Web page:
"Pay attention. Isn’t that what a good movie should make you do? You pay attention because you suspect you will see something or feel something you never have. A good movie will advance your consciousness, take you to a place you never have visited."

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"Win. Lose. Forgive. offers a glimpse into the heart of Muay Thai, as much a spiritual discipline as a sport, in which the hands, feet, elbows and knees are used to brutal effect."

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"'Win. Lose. Forgive.... explores the interlocking lives of three men and their pious infatuation with Thailand's national sport."

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"Win. Lose. Forgive." is a short film (run-time 27 minutes) that offers a fascinating glimpse into the world of Muay Thai and the lessons it teaches.

The film features legends of Muay Thai: fighter and trainer Jongsanan "Woodenman", Monlit Sitpohdaeng (voted Muay Thai Coach of the Year 2010 in Thailand), and Ben Brown, student of Jongsanan and Monlit and owner/trainer at PHAS3 Martial Arts.

The film captures a powerful ethic embraced by those with deep roots in Muay Thai and the spirituality gained through this brutal sport known as the "Art of 8 Limbs." 

The documentary was filmed in December 2012 at El Nino Training Center in San Francisco, California and at Wat Buddhanusorn Thai Theravadan Buddhist Temple in Fremont, California.

The film was directed, filmed and edited by the incredibly talented Mer Aldao. The film was produced by Kurt Hoffmann at Abra Marketing in conjunction with PHAS3.

The film was completed in May 2013 and premiered at 3rd St. Cinema in Santa Rosa, California on Saturday, July 20th, 2013.

"Win. Lose. Forgive." Soundtrack
Custom music was created for the film. We started with the ambient, percussive sounds of training captured during the filming and then added cello, traditional Thai music played on khim that was recorded at the buddhist temple, and finally samples of Jongsanan, Monlit and Ben from the film. The result is a truly unique work of music that captures the spirit of "Win. Lose. Forgive."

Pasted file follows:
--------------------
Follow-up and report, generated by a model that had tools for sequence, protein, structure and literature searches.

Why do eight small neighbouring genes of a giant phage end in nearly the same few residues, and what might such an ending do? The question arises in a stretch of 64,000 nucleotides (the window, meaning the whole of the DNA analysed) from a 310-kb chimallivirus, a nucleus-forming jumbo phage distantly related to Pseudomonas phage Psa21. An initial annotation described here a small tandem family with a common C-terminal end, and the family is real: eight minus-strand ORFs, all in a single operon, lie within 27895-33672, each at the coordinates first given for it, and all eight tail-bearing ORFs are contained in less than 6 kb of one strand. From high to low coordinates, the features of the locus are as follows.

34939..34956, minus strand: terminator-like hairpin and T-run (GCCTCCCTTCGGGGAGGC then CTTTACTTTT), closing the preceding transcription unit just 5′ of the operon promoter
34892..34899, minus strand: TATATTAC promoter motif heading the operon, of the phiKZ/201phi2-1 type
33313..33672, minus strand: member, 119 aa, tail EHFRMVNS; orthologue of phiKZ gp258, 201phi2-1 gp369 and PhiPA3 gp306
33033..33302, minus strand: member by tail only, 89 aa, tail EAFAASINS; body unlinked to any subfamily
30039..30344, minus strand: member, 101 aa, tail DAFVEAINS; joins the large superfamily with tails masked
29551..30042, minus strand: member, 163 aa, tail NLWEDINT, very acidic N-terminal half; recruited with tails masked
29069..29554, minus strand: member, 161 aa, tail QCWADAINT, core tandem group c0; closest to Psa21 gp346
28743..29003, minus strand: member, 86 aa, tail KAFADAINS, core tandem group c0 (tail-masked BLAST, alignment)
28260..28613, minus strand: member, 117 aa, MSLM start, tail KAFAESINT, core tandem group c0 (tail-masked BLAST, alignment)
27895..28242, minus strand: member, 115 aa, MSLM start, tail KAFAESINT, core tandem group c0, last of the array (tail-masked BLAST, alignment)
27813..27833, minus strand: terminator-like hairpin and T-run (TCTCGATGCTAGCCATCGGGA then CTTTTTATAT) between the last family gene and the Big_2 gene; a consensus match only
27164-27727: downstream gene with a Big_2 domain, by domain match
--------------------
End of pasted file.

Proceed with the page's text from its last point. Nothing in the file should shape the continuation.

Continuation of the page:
Purchase the soundtrack »

Where to Order/Watch
The "Win. Lose. Forgive." soundtrack can be purchased on iTunes or CD baby. >>

Watch "Win. Lose. Forgive." on:
Vimeo at
YouTube at

© 2013 All Rights Reserved, Abra Marketing,
Win. Lose. Forgive TM is a protected Trademark of the film "Win. Lose. Forgive." 


Directed and Filmed by Mer Aldao

Mer Aldao, Film Director - Mer is a passionate young Latin-American filmmaker and storyteller. She travels the world hunting deep stories, and becoming part of the stories she tells. Her upcoming project will take her to the most isolated places in South America to connect with native communities. 

A note from Kurt Hoffmann: When I first met Mer for another project, I told her about a concept I had for the creative direction. She said she had had the same concept. I said, oh that's perfect. That's our concept then! She immediately said, no, that means it's too obvious.  This gives a glimpse into the great creativity this amazing, young director brings to her craft. 

At many points during the development of "Win. Lose. Forgive." Mer would send a draft of something. Her version would be very different from what I had in mind and my first reaction would be, "oh, we'll change that." But as I'd sit with her idea, re-watch it a few times, and suddenly I knew it was perfect. It wouldn't be right any other way.

See Mer's latest project at

See more of Mer's work

Special Thanks to:

• Gilbert Melendez and all of the trainers and fighters at El Nino Training Center